Cliff Loya is a member of the Wheeling Nailers (ECHL) and will be writing a blog for Faceoff Factor outlining his life as a minor league hockey player.
Welcome to the very first entry of Loya’s Lowdown!
For those of you who donâ€™t know me, my name is Cliff Loya, and I am a minor league hockey player currently playing for the Wheeling Nailers of the ECHL.
Born and raised in Pittsburgh, I grew up a huge Pens fan during the Mario Lemieux era. It would be an understatement to say that the Pens have influenced my choice of profession.
As an attempt to validate myself as a â€œhockey expert,â€ I am going to try to give you a quick review of my hockey career.
In Pittsburgh, I played for Mt. Lebanon High School and the Pittsburgh Hornets AAA Hockey Club. When I was 16, I traveled to Minnesota to play for the prep school powerhouse Shattuck-St.Mary’s School.
If the name sounds familiar, it should. This hockey factory has produced NHLers such as Crosby, Ryan Malone, Zach Parise and Jonathan Toews to name a few.
Unfortunately, I am not included among those names.
After my stop in Minnesota, I earned a scholarship to play at the University of Maine and was selected by the Chicago Blackhawks during the seventh round of the 2000 NHL Entry Draft.
I began my professional career after my four years at Maine, and at this point, I am about to enter my seventh year as a professional.
Now that I am done pumping my tires, lets get started.
As most of you know, the regular season is upon us. I am sure that you are chomping at the bit to watch your favorite team, whether it NHL or minor league, begin their quest for their respective championship. Let me tell you, as players, we are even more fired up to get going.
However, there is one thing that comes between the summer and the regular season: Training Camp.
For most ECHL players, training camp starts in the AHL. What you are trying to accomplish is catching the eye of the coaching staff for a potential call up when injuries strike.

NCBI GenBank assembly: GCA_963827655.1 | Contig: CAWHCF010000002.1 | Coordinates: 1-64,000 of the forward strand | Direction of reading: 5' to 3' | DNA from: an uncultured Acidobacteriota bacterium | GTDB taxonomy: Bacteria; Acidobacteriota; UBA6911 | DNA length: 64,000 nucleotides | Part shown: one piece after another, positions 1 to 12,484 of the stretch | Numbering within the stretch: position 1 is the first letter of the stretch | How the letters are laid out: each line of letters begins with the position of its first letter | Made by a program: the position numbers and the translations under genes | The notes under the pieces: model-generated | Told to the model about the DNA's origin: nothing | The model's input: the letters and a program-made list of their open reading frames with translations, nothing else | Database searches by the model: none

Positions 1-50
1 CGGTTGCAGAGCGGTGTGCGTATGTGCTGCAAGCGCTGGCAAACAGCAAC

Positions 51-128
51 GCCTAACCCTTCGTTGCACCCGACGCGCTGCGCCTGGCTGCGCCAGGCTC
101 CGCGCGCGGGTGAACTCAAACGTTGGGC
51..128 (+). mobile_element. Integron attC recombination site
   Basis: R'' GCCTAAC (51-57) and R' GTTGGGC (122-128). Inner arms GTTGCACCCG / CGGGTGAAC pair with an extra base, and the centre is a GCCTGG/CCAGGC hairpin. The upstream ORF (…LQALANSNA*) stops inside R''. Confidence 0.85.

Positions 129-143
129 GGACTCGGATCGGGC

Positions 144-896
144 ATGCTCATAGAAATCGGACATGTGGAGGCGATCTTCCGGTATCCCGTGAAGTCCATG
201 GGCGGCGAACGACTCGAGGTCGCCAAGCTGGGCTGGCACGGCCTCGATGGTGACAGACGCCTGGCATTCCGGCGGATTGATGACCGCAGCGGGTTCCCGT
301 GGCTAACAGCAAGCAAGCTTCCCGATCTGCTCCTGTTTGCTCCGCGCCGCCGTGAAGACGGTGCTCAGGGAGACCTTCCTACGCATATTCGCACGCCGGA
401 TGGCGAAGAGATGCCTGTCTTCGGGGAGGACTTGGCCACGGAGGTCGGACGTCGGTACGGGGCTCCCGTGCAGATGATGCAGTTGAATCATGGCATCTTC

You might be asking, â€œShouldn’t your goal be to make the team?â€ This is possible, but you would have to grossly out play someone who is under NHL contract.
Those under contract get the first shot in the AHL because of the financial commitment made by the NHL team. This commitment far outweighs any kind of performance from a tryout player.
Sometimes a tryout player gets cut when he had a great camp and probably should make the opening night roster over contracted players. The thing you have to remember is this is a business and business is not always fair. The key is to not let demotions get to you. It is going to happen in pro sports and the shorter your memory is the better.
The other part of training camp is the whole getting back into shape thing.
There is a difference between weight room shape and game shape. You could workout four hours a days, seven days a week, for the entire summer and still be bagged after the first couple days of training camp.
I don’t know why this is, but it is a pain in the ass.
And it doesnâ€™t get easier as I get older.
The other thing that I have to deal with is sore groins. Unfortunately, when I was younger, I didnâ€™t see the importance of stretching. It has come back to haunt me in a painful way.
I guess it is just a part of playing a kids game when you are almost 30.
Although it is great to get back on the ice and see your teammates again, after the first week or so of camp, you just want it to end. We are in Day 6 of two-a-days in Wheeling and the boys are already wanting the regular season to start.
It is time to go back to work. Only 9 days and counting.
Until next timeâ€¦